According to Kiplinger, claiming zero on a W-4 form means that you are telling the government to take the highest possible amount of taxes from your earnings. This means that you have less money to spend each month than if you were to claim more than zero. However, since you are likely paying more than your share, you are likely to get a refund back come tax time.
Kiplinger notes that those who do not enter zero on their W-4 forms for second or third jobs risk overpaying on their taxes. The IRS is not likely to notice this, meaning these people sometimes have to spend time making a case to the agency later or forfeit the funds. However, people with multiple jobs benefit from withholding additional income from their primary job to avoid underpaying.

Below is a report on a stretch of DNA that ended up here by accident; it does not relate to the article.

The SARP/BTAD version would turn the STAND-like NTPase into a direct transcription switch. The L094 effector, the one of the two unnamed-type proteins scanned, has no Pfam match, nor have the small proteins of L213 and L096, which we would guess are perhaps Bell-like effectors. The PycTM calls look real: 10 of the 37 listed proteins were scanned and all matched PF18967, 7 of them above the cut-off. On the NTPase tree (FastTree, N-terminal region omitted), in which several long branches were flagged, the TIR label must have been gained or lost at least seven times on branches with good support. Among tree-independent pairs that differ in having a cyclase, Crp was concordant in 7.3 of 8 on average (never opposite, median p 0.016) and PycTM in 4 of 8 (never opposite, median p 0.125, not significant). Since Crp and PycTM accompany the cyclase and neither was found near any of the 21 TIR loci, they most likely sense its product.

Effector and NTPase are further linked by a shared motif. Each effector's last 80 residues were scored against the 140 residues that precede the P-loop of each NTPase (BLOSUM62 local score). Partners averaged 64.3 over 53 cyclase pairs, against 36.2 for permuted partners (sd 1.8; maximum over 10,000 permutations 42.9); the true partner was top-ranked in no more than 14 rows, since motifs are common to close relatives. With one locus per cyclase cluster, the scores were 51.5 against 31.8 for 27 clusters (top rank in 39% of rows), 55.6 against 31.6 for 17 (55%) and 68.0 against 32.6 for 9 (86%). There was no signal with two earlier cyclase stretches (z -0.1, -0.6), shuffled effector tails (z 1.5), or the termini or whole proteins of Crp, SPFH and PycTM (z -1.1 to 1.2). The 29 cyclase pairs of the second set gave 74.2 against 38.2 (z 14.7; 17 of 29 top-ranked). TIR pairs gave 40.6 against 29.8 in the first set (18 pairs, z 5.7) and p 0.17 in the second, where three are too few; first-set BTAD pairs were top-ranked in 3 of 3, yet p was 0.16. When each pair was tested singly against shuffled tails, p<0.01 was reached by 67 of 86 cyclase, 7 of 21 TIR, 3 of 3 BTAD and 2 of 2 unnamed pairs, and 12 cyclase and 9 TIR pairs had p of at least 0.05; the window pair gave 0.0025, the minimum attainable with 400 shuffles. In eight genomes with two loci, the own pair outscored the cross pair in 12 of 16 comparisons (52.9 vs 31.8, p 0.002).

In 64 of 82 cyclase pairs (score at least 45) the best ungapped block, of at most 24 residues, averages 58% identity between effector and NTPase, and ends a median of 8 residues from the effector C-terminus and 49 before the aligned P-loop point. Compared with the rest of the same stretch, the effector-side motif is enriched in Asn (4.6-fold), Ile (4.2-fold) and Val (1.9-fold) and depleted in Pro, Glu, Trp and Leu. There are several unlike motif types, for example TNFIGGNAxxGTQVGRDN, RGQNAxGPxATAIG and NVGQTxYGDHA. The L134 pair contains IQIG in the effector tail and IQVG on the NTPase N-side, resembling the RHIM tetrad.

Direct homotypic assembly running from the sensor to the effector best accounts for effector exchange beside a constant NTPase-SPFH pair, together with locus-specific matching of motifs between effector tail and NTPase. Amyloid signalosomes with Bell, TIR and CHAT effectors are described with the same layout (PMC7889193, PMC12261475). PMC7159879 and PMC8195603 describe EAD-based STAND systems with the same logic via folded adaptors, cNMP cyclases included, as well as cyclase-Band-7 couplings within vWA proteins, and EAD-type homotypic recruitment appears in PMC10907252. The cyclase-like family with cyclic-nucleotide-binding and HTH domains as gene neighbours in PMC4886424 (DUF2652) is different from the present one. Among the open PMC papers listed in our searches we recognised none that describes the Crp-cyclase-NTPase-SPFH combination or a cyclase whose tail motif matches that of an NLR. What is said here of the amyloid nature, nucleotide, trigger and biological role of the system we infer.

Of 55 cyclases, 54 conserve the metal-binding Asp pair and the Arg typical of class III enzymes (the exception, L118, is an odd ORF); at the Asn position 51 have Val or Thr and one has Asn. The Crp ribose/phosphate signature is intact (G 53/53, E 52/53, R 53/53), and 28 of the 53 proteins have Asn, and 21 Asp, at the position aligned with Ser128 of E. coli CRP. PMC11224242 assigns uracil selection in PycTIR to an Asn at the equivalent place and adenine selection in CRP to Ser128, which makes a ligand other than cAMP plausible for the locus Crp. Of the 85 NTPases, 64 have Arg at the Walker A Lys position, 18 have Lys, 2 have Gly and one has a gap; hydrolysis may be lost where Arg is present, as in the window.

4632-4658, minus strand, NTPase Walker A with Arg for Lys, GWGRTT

Prior Tax recommends that single people with no children claim zero. It also urges married people without children and a combined income falling within the 28 percent or higher tax bracket to claim zero in order to owe less at tax time.
The IRS cautions that those who claim too many allowances on their W-4 forms usually end up owing money in the future, particularly if they are eventually audited. The agency offers a withholding calculator on its website.